(a) The Director-General of the Customs and Excise Authority is responsible for receiving and dealing with requests for action by owners of rights. Such requests should be made to the following address: Administration centrale des douanes et accises Division Procédures douanières (direction 13) Section Contrefaçon et Piraterie Cité administrative de l'Etat - Tour Finances Boulevard du jardin botanique, 50 - Bte 37 1010 Brussels Tel: 32+2+210.31.64 Fax: 32+2+210.32.47 (b) Suspension of the release or detention of goods may be authorized during a period of 10 working days from the date of the applicant's notification in order to allow the owner of the right to provide evidence of referral of the case to the legal authority competent to take a substantive decision. (c) Proof of the status of owner of the right, which must accompany the request, consists of: - Proof of registration; - proof of submission of an application; - any evidence proving the status of author or original owner. Under the Benelux system of harmonized laws, any natural or legal person may represent an applicant provided that he presents a power of attorney. This obligation also applies to lawyers responsible for applying for a trade mark or industrial design right. In Belgium, however, the general law on legal proceedings states that a lawyer registered with the bar is deemed to represent his client because he has the supporting documents. It appears logical to apply this rule to the act of a lawyer in filing the application referred to in Regulation No. 3295/94. Where relevant, the measures taken by the customs authorities must be followed by legal proceedings. Where there are one or more collecting societies whose sole purpose or one of whose main purposes is to manage or administer copyright or neighbouring rights, or they assume to have the right to act? The answer to this question is yes; Article 73 of the Law of 30 June 1994 on Copyright and Neighbouring Rights (M.B. 27 July 1994, err. M.B. 22 November 1994) states that "societies administering rights have the right to institute legal proceedings to defend the rights that are statutorily their responsibility". (d) Security equivalent to the customs or statistical value of the goods, according to whether or not the goods are from the Community, for a minimum amount of 100,000 BF must be provided by the owner of the right within 10 working days following suspension of the goods. The security is to cover costs such as storage and damages payable to the importer if it is proved that the goods are not counterfeit or pirated. (e) In application of the provisions on professional secrecy in Article 320 of the General Customs and Excise Law, coordinated on 18 July 1977, a sample of the goods may be inspected by the owner of the right but no other information may be given to him.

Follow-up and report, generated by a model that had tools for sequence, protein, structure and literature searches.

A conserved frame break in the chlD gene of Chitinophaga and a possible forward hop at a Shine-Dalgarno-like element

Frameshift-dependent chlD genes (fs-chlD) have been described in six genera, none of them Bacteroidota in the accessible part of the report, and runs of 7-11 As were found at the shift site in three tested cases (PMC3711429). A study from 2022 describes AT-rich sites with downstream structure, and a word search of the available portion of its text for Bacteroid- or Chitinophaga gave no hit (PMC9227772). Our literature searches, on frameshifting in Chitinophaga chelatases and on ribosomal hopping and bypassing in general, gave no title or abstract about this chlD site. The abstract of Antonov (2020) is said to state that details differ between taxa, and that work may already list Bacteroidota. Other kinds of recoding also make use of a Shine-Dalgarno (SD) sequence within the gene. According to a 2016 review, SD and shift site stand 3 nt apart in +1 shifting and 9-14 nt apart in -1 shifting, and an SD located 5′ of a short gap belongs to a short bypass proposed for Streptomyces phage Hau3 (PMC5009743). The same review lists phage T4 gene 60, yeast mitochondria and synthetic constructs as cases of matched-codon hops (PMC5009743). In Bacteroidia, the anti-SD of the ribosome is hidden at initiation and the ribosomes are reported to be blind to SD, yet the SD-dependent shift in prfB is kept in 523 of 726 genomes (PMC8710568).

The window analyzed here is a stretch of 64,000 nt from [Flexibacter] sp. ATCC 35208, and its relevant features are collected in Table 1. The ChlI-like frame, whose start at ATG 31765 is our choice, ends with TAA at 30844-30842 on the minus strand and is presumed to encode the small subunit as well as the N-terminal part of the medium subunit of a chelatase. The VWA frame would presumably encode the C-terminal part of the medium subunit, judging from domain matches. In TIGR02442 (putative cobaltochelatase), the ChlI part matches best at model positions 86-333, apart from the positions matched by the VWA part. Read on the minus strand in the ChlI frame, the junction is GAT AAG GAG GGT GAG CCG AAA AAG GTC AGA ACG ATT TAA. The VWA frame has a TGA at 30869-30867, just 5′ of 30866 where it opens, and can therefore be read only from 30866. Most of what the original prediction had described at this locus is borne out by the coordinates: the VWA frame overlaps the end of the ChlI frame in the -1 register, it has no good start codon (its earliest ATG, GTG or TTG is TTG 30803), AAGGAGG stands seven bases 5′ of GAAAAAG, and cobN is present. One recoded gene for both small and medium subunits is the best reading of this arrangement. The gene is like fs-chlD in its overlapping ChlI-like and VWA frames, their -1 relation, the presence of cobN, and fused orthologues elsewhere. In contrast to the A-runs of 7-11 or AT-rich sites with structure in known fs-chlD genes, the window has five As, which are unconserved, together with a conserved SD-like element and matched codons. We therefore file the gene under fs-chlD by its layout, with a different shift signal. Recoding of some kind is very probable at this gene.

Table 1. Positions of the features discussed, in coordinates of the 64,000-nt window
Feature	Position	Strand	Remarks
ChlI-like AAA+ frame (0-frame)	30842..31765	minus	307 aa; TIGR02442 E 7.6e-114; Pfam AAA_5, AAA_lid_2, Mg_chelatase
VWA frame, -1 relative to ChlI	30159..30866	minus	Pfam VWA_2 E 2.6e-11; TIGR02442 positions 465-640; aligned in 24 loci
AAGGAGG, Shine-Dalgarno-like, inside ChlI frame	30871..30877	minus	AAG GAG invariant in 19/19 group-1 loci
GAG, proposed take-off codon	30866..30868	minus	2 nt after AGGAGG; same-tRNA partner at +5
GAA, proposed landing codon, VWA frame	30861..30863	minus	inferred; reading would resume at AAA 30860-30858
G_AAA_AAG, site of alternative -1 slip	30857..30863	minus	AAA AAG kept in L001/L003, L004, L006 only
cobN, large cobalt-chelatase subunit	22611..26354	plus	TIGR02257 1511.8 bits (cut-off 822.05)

No fees are payable for processing the request when it is made by the owner of the right. The decision granting the request for action made by the owner of the right is valid for six months and renewable upon request.
Counterfeit or pirated goods for which no request for action has been filed by the owner of the right may be detained for three working days. Before expiry of this period, the owner of the right must submit a request for action: if he does not, the goods are released following completion of customs formalities.
Without prejudice to the other rights of action open to the owner of a trade mark which is found to have been counterfeited or the owner of a copyright or neighbouring right or of an industrial design right which is found to have been pirated, Member States take the measures necessary to allow the competent authorities: -As a general rule and in accordance with the relevant provisions of domestic law, to destroy goods found to be counterfeit or pirated or dispose of them outside commercial channels in such a way as to preclude injury to the owner of the right, without compensation of any sort and at no cost to the Exchequer; -to take, in respect of such goods, any other measures which effectively deprive the persons concerned of the economic benefits of the transaction. The following in particular are not regarded as having such effect: -Re-exporting the counterfeit or pirated goods in the unaltered state; -other than in exceptional cases, simply removing the trade marks which have been affixed to the counterfeit goods without authorization; -placing the goods under a different customs procedure. Counterfeit and pirated goods may be handed over to the Exchequer.